An SNH man was invited for an agency view that in the giving was pretty departmental (non-committal) and which drew its support from public opinion polls that were unclear about the need for any wildland over and above the landscapes that already exist in Scotland. Someone responded to the SNH man by suggesting that what he said was the best reason for why SNH should cease to exist. He thought there was a need to educate people to appreciate a more valuable landscape of the future, and that we should not have to rely on the perceptions of untutored people.
As a final round, Bob asked NGO panel members whether they would be acquiring more land as the future route for wildland in Scotland. This had been one of the key questions that Bob had hoped to cover in the meeting. Both Nigel (JMT) and John (NTS) said they weren't, as they fear the situation where that land would be taken off into an institutionally-derived direction that might not be the right one (this reaction could be the result of a lack of a national strategy that could guide them, and in its absence they don't seem to have the courage of their convictions). They saw the future as working with and alongside private land owners.
This appealed to McMorran as one of the conclusions in his report is that "inclusion of traditional land uses within the concept of wild landscapes could have considerable benefits for the overall conservation and promotion of the resource". This is perfectly acceptable where there is an understanding about the need for a continuum of land use, where each end of the spectrum has a right of existence, and that the continuum itself provides the mechanism for all these land uses to exist without necessarily prejudicing each other. Except that the NGO's and McMorran didn't put it into that context. It took Alan (Trees of Life) to highlight this when he said he was only just getting into land ownership and that his beneficial ownership would allow him to do the things that he needed to restore the ecology of the landscape. The implication was that without it being in his ownership, negotiation with a private land owner on what was needed could be compromised away from the point on the continuum that was intended.
I had raised this earlier, perhaps far too obliquely, by referring to all the public subsidy that was received by the various organisations in the meeting in one way or another; how this showed already a public will and backing; and that beneficial ownership facilitated by public subsidy was often the key to land transformation. I gave the observation that public ownership itself was the key principle in serious wildland conservation around the world.
I felt I had to respond to the lady that sought the massacre of magpies and foxes, explaining that 75% of Britain was farmland in which every threat to its commercial use had been eliminated, whereas wildland couldn't be managed on that basis, that we can't choose what should live or die, and that the key to both wildland and farmland both existing was ensuring that there was a system that buffered between the needs of wildland and farmland. I left that hanging in the air as Bob was closing up the meeting, but I went to talk afterwards to the lady who had championed the Soay sheep and the Eriskay ponies.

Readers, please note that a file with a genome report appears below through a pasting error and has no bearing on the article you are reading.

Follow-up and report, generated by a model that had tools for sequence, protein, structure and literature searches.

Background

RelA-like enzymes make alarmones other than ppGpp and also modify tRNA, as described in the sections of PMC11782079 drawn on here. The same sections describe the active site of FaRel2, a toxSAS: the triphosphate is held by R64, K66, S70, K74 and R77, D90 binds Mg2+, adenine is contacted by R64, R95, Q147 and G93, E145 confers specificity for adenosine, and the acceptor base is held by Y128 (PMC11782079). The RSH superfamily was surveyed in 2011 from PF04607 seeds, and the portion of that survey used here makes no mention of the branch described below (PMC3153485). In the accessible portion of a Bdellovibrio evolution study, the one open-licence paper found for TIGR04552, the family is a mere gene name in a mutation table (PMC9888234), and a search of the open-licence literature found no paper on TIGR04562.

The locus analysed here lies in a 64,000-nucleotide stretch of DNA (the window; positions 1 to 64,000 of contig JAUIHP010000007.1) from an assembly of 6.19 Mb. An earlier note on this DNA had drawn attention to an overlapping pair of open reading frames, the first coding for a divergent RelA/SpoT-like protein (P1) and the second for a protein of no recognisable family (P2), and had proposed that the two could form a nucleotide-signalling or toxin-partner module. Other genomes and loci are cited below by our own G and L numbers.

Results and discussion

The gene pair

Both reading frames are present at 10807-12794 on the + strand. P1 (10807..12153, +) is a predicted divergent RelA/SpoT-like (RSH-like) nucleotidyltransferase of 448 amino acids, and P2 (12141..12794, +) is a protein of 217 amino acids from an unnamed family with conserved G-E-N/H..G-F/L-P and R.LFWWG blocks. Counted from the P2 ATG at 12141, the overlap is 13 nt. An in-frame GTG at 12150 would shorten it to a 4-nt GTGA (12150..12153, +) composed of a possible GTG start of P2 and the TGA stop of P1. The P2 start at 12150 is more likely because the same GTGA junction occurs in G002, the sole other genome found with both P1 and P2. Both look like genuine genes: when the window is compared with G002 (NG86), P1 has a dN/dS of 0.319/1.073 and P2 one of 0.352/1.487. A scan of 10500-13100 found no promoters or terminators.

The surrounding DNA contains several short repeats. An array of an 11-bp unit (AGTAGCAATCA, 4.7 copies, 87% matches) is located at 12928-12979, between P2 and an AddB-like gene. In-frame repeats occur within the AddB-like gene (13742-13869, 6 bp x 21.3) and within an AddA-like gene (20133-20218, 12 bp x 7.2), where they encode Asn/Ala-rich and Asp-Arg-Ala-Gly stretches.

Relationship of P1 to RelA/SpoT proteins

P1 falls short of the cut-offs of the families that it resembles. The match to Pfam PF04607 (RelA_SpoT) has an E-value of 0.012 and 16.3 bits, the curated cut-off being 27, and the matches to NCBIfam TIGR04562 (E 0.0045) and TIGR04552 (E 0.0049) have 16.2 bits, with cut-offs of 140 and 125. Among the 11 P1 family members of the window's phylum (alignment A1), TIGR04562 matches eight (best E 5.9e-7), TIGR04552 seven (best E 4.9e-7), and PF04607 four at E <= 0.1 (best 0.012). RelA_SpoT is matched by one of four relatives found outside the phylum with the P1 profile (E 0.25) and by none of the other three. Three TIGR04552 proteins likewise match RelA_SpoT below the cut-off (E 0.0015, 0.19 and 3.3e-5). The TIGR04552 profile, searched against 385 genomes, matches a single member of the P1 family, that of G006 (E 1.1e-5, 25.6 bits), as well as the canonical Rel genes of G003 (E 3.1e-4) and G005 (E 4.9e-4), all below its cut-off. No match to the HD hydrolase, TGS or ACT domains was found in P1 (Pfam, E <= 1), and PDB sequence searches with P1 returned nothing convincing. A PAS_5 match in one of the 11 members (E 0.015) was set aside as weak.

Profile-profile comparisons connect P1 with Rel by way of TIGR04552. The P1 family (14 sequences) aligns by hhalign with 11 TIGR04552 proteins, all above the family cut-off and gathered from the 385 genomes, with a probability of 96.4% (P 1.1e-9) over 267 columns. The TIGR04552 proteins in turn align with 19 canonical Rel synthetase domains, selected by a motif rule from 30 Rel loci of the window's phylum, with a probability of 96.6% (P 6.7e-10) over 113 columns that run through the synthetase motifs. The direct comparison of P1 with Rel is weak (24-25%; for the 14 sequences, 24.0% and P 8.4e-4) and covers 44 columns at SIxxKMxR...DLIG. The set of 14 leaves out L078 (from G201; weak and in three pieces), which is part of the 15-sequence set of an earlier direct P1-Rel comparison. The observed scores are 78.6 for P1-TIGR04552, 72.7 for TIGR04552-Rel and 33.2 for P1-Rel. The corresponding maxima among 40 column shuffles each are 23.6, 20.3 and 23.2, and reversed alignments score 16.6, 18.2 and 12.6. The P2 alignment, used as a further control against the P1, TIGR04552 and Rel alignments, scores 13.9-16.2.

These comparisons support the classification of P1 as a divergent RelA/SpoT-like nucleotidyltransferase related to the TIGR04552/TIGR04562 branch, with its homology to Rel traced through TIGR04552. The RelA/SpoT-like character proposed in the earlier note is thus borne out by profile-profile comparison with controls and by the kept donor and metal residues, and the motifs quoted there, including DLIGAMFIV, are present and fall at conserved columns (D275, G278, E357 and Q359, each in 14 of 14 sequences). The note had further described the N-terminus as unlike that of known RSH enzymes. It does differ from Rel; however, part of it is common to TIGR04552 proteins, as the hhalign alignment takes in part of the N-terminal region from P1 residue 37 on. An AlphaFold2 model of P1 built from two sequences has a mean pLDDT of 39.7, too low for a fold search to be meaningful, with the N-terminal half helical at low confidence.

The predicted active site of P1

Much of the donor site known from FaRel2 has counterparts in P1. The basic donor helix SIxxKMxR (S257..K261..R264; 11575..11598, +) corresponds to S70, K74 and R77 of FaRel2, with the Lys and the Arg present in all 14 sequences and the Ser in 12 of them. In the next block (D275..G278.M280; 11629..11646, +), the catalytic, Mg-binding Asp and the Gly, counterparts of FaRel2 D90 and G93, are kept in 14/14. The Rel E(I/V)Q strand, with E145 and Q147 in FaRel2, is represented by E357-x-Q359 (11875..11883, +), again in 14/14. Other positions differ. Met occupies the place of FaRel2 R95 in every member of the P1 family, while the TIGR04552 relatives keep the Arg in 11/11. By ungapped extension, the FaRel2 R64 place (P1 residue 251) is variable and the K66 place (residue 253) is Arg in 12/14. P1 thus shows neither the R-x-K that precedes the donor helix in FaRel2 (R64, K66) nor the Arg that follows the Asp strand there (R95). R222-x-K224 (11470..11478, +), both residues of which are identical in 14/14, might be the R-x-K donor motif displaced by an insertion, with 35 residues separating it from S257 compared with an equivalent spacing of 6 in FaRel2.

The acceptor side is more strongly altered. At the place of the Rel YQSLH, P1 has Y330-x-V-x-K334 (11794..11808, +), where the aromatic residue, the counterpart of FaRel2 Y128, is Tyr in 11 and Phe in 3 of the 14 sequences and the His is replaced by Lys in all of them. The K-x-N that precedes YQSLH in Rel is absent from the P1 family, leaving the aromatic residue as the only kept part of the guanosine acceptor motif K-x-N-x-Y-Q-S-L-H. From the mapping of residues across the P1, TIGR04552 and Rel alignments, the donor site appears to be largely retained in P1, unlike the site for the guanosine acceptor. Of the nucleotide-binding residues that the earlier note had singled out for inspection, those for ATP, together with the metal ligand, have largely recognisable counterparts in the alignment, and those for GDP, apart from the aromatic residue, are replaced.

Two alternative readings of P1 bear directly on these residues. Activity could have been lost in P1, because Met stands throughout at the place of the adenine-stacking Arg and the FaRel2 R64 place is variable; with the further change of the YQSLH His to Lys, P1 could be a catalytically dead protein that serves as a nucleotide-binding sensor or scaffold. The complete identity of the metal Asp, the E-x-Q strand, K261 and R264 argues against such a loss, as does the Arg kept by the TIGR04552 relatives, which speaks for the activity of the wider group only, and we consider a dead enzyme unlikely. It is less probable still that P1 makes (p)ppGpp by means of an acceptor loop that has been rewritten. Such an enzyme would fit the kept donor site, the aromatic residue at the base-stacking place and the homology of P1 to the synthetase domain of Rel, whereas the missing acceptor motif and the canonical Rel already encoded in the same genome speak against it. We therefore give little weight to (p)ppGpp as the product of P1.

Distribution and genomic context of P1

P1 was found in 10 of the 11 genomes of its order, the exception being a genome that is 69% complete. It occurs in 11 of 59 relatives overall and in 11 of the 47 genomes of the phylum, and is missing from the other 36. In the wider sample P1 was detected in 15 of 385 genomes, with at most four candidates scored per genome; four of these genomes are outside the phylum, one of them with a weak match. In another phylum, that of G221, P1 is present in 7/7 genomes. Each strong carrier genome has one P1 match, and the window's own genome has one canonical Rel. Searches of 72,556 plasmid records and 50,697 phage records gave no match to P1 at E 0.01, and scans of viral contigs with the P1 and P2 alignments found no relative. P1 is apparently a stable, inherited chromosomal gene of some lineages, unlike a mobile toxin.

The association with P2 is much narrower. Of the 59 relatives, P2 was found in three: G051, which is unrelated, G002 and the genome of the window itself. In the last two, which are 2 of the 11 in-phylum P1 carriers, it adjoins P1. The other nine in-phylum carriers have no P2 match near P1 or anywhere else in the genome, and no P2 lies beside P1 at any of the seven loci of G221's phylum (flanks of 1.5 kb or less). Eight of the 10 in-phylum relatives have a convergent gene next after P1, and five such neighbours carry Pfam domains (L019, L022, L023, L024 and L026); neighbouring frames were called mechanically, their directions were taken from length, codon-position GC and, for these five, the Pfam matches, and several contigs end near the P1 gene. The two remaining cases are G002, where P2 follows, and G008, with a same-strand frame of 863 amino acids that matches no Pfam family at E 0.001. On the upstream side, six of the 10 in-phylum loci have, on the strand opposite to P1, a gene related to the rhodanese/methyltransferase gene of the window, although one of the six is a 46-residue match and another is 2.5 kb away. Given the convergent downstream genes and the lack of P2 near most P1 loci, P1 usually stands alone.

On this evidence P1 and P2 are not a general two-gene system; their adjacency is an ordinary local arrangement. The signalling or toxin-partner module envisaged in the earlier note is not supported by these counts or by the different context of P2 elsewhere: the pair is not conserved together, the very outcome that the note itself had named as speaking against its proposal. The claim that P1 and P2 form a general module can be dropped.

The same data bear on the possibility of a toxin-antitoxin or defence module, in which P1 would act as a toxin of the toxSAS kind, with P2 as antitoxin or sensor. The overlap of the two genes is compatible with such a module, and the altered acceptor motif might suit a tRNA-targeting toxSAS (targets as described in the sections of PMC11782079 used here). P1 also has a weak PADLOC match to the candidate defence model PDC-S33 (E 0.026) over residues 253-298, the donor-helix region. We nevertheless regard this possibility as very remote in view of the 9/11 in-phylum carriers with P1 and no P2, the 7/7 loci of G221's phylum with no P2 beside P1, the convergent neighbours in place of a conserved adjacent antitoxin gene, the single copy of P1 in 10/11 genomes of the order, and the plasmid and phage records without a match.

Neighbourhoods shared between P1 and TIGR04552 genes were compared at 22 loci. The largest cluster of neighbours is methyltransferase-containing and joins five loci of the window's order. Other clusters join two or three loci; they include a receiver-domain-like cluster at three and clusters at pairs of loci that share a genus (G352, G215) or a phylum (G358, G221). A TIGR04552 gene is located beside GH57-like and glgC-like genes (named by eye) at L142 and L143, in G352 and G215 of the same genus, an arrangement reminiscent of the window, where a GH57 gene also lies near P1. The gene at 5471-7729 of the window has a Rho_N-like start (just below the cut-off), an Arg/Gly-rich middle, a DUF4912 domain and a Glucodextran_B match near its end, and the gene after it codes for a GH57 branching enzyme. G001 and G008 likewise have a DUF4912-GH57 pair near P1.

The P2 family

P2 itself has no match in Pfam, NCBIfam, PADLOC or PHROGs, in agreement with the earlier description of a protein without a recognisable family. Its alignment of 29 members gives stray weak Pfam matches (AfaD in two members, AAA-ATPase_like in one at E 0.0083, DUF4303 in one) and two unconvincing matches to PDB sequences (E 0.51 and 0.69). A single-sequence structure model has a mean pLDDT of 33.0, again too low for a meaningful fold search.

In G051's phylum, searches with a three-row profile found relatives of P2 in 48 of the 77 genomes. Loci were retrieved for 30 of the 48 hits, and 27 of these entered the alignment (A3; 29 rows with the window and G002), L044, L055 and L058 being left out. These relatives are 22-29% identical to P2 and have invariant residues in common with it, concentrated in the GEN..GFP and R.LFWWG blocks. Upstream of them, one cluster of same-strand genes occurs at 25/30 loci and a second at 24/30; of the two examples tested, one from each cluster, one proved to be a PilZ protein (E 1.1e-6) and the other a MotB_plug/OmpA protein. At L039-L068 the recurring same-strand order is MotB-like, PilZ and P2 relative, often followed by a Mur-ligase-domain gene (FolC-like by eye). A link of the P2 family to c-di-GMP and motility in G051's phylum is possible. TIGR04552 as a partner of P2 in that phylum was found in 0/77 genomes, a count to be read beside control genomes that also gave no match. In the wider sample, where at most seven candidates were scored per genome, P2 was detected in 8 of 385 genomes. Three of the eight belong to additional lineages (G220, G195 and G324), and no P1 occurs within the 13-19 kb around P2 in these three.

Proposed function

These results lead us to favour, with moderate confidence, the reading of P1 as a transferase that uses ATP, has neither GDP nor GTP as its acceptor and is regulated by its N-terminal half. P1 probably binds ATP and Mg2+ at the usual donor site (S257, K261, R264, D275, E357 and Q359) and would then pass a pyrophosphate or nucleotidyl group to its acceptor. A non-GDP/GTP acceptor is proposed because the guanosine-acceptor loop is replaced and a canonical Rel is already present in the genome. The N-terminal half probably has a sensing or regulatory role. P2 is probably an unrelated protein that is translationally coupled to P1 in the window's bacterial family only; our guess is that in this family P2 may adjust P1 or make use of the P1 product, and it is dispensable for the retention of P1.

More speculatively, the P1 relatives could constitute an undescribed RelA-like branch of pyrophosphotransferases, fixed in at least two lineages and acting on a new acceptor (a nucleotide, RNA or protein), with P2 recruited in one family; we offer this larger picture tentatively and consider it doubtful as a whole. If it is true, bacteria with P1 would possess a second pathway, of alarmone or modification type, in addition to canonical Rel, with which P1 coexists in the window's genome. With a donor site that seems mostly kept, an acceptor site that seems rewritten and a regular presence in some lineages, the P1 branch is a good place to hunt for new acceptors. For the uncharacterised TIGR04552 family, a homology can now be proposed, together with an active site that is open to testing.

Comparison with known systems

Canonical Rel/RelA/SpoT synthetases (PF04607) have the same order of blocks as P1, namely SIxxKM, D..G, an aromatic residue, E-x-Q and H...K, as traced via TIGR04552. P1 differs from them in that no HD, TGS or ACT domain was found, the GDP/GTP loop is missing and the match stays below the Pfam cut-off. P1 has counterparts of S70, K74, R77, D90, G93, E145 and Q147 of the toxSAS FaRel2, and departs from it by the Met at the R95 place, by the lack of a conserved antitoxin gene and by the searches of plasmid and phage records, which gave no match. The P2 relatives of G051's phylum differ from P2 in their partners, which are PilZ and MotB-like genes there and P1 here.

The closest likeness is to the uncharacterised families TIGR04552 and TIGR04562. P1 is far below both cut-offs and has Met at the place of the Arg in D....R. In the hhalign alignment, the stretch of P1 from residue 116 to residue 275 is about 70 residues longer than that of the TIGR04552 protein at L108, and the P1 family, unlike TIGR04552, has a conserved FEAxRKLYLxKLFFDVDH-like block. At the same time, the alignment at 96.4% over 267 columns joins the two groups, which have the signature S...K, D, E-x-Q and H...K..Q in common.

She was deflated as she felt she hadn't got her point across to the meeting. I explained that it was pity there is no Grazing Animal Project (GAP) equivalent in Scotland (or was not at the meeting) so that she could see some supporting context. Except that I felt her point was vastly more important than anything that GAP has to say, as she had recognised the role of the sheep and ponies as crucially being capable of free-living and independent of humans. On that basis, I ventured to her that they could be one example of the buffer/transition land use on the continuum between wildland and farmland. I think we were both able to leave with some relief that we had agreed something positive between us.
This was a good meeting, with good people and well run. We could have done with a few more varied audience contributions (if only to shut me up) and we did not deliver on some of the key questions that Bob had set as the focus of the meeting, such as how to achieve a unified multi-dimensional approach to wild land, whether statutory support for wild land protection should be sought, and should the focus be widened away from mountain areas towards wild coasts and islands? I am beginning to see that this is never going to happen in a one day meeting if you spend time first with the "educational" phase of listening to speakers, albeit they were excellent.
Granted that with an open invitation audience, there is a need to bring people along to the same level of information, but then you would need a second day of time to get people to use that information to work out some of the bigger questions. Perhaps we need a one day meeting of people with (self) acknowledged understanding in which we could dispense with speakers and get down to business. If we don't, then we have this lovely, shiny thing called wildland that we really don't know what to do with.
Mark Fisher 23 March 2007